In memory of Nicole

To the editor:

In the summer of 2015, I met a neighbor in the old cemetery where I walk my dog. I could tell as soon as I met her that she was special. She had that light, that unjudgmental openness, that makes you feel like you matter. She and her husband owned a house on the border of the cemetery; they rented it out during the school year and spent the summers here in Fairfield with their two children. We chatted a few times, played with their new golden retriever puppy, Scout, and had a funny firefly/lightening bug debate.

The next summer, I was so excited to see Nicole again. She was even more radiant and positive. She had just worked on a series called “Ocean Parkway,” which was being considered by HBO. After having spoken to me about 10 times in the past two years, Nicole gave me the website address and password for these episodes so that I could watch them. It was just so kind, and open, and giving, and made me feel so good.

For the past two years, I’ve waited to see Nicole and wondered why I hadn’t. I discovered this fall that Nicole died from breast cancer two years ago. Two months after Nicole had shared with me her beautifully honest and raw series on a Brooklyn family, she died and I did not know. I did not know for all of these years.

I write this letter in memory of Nicole Haran’s generous and kind spirit. Her positivity and courage, through all that she must have been dealing with, was a gift she gave to everyone around her. It’s a gift that cancer cannot take away. It lives in me, and I’m sure it lives in everyone she ever met. I am in awe of many people in Fairfield like Nicole, facing a struggle against cancer with grace and incredible love. Thank you to Nicole and to all of those courageous warriors who have inspired me, given me a model for the type of person I aspire to be, and given me hope that even with the immense amount of deep tragedy in the world today, we have the capacity to overcome with love and kindness.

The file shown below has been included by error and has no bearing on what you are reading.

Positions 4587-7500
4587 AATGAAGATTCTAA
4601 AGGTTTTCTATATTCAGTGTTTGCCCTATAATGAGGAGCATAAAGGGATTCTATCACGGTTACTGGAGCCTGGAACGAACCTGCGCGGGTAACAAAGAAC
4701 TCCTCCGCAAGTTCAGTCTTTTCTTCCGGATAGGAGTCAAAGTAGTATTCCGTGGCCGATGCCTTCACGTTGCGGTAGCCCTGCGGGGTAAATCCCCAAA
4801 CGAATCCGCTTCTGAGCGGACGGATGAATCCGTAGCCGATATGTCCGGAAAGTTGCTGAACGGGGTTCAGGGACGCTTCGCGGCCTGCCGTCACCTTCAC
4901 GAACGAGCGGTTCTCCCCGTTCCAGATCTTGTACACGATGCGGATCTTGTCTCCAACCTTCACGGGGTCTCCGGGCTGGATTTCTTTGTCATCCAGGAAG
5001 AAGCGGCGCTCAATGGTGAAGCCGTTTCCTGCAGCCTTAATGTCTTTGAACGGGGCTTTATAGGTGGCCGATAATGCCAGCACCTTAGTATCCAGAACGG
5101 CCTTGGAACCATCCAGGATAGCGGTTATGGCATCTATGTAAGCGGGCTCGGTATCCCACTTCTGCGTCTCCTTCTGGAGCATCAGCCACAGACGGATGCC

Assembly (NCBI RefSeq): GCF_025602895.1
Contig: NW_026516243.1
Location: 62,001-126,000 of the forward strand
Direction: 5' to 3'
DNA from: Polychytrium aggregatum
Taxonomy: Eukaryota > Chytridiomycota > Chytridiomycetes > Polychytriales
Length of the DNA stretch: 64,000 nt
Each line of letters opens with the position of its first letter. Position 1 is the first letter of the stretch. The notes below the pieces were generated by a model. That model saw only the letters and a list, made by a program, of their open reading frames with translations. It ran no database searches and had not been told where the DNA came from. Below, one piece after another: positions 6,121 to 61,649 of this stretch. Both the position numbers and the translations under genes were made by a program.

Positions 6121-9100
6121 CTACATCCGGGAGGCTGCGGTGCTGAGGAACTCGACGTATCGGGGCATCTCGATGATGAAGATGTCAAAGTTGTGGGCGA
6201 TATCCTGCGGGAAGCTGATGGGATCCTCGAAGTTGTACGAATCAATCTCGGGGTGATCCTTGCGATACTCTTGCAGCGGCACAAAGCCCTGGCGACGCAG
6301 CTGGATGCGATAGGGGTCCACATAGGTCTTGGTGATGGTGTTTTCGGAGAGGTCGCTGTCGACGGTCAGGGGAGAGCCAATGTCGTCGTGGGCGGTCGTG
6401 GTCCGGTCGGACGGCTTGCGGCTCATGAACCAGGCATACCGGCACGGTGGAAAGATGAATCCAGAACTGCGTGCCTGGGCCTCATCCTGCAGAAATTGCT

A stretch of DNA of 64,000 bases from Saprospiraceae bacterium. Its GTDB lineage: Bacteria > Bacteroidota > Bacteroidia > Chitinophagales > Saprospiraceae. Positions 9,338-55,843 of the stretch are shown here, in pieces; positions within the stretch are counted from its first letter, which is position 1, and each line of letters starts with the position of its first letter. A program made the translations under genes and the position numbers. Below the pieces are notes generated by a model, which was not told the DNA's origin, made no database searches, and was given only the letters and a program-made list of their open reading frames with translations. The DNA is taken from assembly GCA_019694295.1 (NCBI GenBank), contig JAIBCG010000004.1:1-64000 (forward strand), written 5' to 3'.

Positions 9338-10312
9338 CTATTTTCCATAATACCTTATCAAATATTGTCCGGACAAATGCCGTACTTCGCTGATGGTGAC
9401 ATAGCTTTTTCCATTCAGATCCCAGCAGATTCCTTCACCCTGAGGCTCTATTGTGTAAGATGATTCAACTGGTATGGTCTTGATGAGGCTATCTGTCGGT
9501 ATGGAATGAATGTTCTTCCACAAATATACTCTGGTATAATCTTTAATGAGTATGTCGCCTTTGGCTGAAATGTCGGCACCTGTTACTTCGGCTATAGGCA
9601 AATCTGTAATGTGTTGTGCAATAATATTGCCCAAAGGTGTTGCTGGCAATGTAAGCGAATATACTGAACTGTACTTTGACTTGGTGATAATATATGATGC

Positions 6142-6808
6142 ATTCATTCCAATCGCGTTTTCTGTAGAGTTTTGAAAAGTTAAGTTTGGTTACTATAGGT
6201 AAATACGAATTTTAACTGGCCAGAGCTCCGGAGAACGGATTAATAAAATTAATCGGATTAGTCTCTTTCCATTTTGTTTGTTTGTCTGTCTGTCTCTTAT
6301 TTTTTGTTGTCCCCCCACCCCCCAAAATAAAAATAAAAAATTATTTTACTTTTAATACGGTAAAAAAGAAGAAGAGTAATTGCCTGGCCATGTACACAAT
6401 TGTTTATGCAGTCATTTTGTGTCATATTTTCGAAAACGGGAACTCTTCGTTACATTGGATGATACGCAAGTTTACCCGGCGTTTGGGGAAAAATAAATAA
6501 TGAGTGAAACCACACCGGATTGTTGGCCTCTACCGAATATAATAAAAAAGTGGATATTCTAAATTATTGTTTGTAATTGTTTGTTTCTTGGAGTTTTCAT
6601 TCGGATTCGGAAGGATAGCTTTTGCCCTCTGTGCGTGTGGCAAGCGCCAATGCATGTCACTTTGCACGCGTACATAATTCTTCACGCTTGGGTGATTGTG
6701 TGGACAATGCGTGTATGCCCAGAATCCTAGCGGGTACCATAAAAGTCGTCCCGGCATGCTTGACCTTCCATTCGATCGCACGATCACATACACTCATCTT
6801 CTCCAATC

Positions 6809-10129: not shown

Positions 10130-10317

In memory of Nicole Haran, 47, who died of breast cancer on Oct. 16, 2016.

Jill Vergara


Tree warden job a biggie

To the editor:

Once upon a time, I knew the tree warden and was impressed by his work around town.

Nowadays, I can’t say much about our tree warden. I didn’t even know we had one because, unlike the tree warden I knew, this one hasn’t been in the news, at least not to my knowledge. Which would suggest that this one is pretty much of the reclusive kind, maybe spends his time in the woods gaging the quality of life along the woody park trails.

Maybe he hasn’t noticed that there is much amiss.

Limbs akimbo, trees denuded, rot, and all, aplenty. Maintenance clearly invisible, probably long neglected. Trails neglected.

There is need for a Boy or Girl Scout crew or two to, maybe volunteer in return for a merit badge in forestry and a good photo story in this paper.

I find the “Community Forest Management Plan” inspiring.

Maybe the selectmen ought to assign someone in the department to read the town’s responsibilities for tree warden or, at least, have the warden read and act upon his job responsibilities and at least one assessment of his successes executing his duties.

I’ve walked a few of these parks and something’s amiss.

Maybe it’s money. But, for what he is paid, maybe not enough, I’d have him work one park at a time, with brush clippers and chainsaw in hand.

Gerard Coulombe